I first walked into the television studios at the Manhattan Neighborhood Network on 59th Street in late April of 2014 to watch “The Chris Gethard Show.” This staple of the late-night comedy scene, attended that night by about 50 other people—mostly regulars, many in costume—was a New York City cult favorite, known for its adventures in experimental, participatory broadcasting. Under the direction of its eponymous host, past episodes have featured everything from a presidential debate with the Rent is Too Damn High Party’s Jimmy McMillan to the concoction and consumption of a milkshake made of whatever callers asked the hosts to throw into a blender.
Gethard’s show could only really happen at a place like MNN, which, as a public access station, gives airtime to anyone with an address ending in a Manhattan zip code. While the station’s programming does not always take the form of underground comedy or vomit-inducing smoothies, the basic idea behind public access is to facilitate whatever community producers decide to present. Whatever, in this case, includes things like the challenge-based art show “Let’s Paint TV,” in which the host John Kilduff takes calls and paints pictures while running on a treadmill, or the X-rated MNN party show, “SubZero TV,” which features hip-hop performances interspliced with gratuitously pornographic dance sequences. Above all else, says Alliance for Community Media president Mike Wassenar, public access is a platform where all comers gets to say and do what they want.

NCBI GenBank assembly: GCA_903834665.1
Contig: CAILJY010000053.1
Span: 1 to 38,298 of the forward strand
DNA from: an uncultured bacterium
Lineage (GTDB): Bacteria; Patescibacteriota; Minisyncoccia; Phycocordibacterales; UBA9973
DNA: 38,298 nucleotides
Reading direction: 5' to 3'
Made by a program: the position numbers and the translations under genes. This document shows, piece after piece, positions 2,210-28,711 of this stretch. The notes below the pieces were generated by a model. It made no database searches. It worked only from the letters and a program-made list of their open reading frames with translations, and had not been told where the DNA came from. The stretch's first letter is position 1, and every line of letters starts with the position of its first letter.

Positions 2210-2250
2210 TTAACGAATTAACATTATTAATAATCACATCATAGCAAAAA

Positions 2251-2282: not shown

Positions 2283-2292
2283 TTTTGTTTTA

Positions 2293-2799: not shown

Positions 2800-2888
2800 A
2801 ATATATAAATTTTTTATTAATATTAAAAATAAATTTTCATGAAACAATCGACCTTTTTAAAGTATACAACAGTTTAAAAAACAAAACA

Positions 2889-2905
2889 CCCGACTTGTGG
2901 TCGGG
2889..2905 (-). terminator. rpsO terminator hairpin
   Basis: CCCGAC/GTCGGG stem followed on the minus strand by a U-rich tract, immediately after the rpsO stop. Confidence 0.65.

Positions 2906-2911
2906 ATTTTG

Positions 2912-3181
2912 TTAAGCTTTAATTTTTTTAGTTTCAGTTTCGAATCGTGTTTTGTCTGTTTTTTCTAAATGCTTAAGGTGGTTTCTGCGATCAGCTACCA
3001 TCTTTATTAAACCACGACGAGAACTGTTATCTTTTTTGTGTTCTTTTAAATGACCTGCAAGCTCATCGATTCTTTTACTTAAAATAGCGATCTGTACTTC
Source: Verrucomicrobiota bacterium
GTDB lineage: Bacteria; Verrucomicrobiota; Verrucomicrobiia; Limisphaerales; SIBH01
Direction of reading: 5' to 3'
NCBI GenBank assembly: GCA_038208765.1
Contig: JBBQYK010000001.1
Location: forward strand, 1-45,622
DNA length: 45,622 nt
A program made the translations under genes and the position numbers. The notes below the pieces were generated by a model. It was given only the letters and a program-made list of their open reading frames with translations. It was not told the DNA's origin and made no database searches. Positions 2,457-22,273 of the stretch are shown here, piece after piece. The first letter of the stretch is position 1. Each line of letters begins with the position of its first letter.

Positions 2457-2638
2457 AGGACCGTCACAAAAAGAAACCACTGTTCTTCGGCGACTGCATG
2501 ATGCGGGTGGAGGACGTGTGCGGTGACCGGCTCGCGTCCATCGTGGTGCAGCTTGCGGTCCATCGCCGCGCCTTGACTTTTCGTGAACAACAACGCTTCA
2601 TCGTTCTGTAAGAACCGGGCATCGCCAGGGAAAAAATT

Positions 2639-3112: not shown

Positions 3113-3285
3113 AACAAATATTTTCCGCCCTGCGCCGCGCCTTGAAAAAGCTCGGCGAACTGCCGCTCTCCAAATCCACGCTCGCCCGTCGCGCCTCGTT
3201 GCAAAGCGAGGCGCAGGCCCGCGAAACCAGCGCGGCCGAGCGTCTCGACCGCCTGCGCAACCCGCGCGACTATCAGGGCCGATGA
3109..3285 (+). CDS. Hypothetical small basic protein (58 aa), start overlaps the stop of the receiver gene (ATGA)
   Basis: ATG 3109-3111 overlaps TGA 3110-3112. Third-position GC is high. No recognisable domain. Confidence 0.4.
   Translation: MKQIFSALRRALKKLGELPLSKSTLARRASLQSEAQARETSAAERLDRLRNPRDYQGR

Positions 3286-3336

This directive has been in place since the launch of public access television more than 40 years ago. It puts the same tools the dominant mass media outlets use into the hands of people whose voices “real TV” normally excludes. “We may be living in a golden age of quality television,” said Wassenar. “But it’s not television that necessarily describes my world or your world or your needs.”
Public access is meant to address those needs, which would otherwise be ignored. As a result, local public access programming tends to reflect the community it serves. Middle-American public access stations, for example, “tend to have polka” shows, Wassenar said, simply because they would likely never been aired in media centers like Los Angeles and New York City.